Sawyer and Adam will continue their levels in Right Start Mathematics, which has been a fantastic math program over the years (and if I’m honest, I’m hoping Teaching Textbooks can live up to the hype because I think Right Start is nearly perfect. It’s just very time-consuming).
We all take some time off every now and then to watch some Khan Academy videos.
Art and Music
We listen to various classical music artists during our art sessions, and this year we’ll do some brief studies of some of the major classical musicians and time periods. Classical Music for Dummies is our main resource, but really there is a lot of information on classical music available.
We love art projects (especially Adam) and love to learn new methods of “making art.” Discovering Great Artists and Drawing with Children have been recommended via Classical Conversations. I also use Pinterest to find some interesting art projects and techniques for painting.
We are also going to be learning, memorizing, and discussing ancient hymns. I feel we are doing a disservice to the boys by not introducing them to reading music, singing parts, and learning deeper theological truths found in the ancient hymn.
Weekly Homeschool Gym Class – once a week, totally organized, many sports are covered.
Soccer (Rowan and Sawyer) – this is their 6th year of soccer! they still love it so much.
Dance (Adam) – Adam wants to take a eyar off from gymnastics and try some dance classes.
Theater – Shrek and A Christmas Carol. Two totally different theatrical experiences.
Boys Book Club – we read five books throughout the year with other boys and meet once every two months to discuss the book. Our first book, which we’ve been reading together, is the classic Western, Shane.
Piano Lessons – a brand new teacher. We’re trying for at least 3 months.
Monthly Roller Blading – the boys look forward to this every month. they’re excellent skaters now, and get totally worn out skating for two hours.
Spanish (Sawyer and Adam)
Mom’s Book Shelf
I spend all summer reading novels that I’ve wanted to read for a while, or that catch my interest. Since signing up with Goodreads in March of this year, my to-read list has gotten even longer! But during the school year, I try to stick with non-fiction to keep my brain firing on all four cylinders. Here is what I intend to read this school year:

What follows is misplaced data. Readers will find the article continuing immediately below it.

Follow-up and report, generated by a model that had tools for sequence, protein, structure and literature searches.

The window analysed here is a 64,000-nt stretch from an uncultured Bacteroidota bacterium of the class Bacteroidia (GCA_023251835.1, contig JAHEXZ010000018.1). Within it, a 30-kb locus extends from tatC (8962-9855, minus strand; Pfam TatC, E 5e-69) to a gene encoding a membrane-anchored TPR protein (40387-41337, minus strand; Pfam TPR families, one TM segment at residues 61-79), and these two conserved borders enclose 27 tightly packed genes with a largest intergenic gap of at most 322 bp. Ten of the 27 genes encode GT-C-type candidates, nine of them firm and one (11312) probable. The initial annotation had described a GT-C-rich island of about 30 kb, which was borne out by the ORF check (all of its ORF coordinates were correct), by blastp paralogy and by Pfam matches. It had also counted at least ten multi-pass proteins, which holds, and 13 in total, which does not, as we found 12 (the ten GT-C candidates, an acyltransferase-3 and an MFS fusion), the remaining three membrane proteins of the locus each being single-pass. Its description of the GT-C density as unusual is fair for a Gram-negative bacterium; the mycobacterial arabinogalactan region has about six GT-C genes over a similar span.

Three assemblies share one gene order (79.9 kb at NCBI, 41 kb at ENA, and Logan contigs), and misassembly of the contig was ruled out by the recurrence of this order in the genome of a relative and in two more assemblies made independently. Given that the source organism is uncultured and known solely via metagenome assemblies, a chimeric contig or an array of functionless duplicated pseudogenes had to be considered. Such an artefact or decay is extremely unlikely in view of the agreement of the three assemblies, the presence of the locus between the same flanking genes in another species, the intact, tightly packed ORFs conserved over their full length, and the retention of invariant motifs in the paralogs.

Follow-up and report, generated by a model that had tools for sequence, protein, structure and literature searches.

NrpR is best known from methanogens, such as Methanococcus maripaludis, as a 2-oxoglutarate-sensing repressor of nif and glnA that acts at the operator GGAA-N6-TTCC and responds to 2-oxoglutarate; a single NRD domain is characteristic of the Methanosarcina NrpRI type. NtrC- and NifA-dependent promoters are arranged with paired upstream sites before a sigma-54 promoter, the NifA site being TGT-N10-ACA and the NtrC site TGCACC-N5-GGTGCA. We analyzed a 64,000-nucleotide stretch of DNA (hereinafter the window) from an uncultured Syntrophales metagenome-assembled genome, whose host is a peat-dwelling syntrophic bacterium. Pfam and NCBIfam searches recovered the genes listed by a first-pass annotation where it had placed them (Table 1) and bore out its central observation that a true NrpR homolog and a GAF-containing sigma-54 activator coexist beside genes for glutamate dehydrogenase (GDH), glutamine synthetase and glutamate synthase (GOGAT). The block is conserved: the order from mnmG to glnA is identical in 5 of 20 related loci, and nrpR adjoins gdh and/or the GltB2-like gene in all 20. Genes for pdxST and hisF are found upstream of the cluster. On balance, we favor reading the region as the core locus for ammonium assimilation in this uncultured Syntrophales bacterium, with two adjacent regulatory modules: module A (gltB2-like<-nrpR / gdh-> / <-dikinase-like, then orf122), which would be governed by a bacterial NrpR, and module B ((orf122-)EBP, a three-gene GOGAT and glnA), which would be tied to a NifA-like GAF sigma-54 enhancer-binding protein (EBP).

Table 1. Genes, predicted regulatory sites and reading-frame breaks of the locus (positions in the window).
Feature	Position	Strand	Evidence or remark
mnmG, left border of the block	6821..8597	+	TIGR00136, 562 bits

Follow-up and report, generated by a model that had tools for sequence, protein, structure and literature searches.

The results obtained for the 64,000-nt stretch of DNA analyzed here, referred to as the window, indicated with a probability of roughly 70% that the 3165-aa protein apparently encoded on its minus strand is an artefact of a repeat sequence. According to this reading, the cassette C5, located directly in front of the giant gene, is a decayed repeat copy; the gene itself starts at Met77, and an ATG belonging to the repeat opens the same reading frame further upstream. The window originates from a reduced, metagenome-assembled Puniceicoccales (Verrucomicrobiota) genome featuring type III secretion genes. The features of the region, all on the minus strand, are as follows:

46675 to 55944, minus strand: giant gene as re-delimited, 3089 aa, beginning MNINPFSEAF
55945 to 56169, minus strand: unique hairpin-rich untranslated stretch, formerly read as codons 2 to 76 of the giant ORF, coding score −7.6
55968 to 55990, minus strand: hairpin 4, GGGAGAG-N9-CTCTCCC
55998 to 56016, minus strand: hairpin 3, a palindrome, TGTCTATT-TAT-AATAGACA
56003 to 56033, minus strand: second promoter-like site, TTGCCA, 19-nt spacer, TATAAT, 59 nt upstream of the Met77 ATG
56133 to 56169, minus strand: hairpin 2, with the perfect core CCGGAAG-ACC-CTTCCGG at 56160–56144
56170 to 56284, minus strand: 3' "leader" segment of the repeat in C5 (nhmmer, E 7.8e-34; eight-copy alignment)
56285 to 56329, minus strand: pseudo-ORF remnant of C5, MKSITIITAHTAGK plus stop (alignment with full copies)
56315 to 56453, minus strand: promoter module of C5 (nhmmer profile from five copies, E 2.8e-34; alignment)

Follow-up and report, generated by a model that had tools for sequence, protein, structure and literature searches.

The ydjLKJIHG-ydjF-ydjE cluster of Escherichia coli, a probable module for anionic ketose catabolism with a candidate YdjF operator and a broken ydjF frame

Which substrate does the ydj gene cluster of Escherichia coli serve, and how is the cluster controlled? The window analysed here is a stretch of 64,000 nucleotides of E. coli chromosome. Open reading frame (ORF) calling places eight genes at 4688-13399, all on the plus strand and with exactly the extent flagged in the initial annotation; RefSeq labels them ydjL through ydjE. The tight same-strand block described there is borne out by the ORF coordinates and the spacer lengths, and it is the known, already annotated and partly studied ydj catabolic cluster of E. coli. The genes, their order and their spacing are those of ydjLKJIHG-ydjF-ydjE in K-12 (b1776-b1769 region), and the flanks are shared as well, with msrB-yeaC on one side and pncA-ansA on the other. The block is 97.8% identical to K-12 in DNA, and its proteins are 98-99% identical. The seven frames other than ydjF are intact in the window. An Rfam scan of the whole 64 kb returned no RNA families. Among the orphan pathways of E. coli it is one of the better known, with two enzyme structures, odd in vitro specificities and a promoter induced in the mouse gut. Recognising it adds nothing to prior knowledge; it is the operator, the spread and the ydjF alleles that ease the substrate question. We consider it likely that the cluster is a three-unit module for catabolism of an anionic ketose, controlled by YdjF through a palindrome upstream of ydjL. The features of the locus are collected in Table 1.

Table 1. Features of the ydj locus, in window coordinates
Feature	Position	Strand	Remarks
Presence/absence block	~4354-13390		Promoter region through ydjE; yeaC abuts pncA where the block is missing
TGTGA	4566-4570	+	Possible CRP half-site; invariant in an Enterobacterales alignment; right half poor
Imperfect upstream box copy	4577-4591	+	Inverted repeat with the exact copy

Beauty for Truth’s Sake by Stratford Caldecott
Misreading Scripture with Western Eyes by E. Randolph Richards
Ten Ways to Destroy the Imagination of Your Child by Anthony Esolen
The Writing Life by Annie Dillard
The Well-Educated Mind by Susan Wise Bauer
At Home by Bill Bryson
Jesus Feminist by Sarah Bessey (releases in November)
What challenging books have you read recently, that you’d like to recommend?
Pennsylvania has some of the strictest rules for homeschoolers in the country. On August 1st, all homeschoolers in PA had to have a notarized affidavit and letter of intent filed with their school district. We were out of town on the first of August, so I did this first thing in the morning on August 5th. Last year, the school district notarized the documents for me, but this year, they told me they discontinued that service. They told me to go to the magistrate’s office of our little town. The magistrate was a middle aged, stern-looking man who resembled Mr. Clean. I was intimidated, but he was very encouraging about our homeschooling, told me about his grown children and how he wished they would have homeschooled, and as we were leaving gave the boys their choice of Skittles or large KitKat bars. They all chose the Skittles. They take after their mama.
Here’s to a great school year for all of us!
*photo courtesy of Ruth E Hendrick’s Photography and antiqueplazamesa.com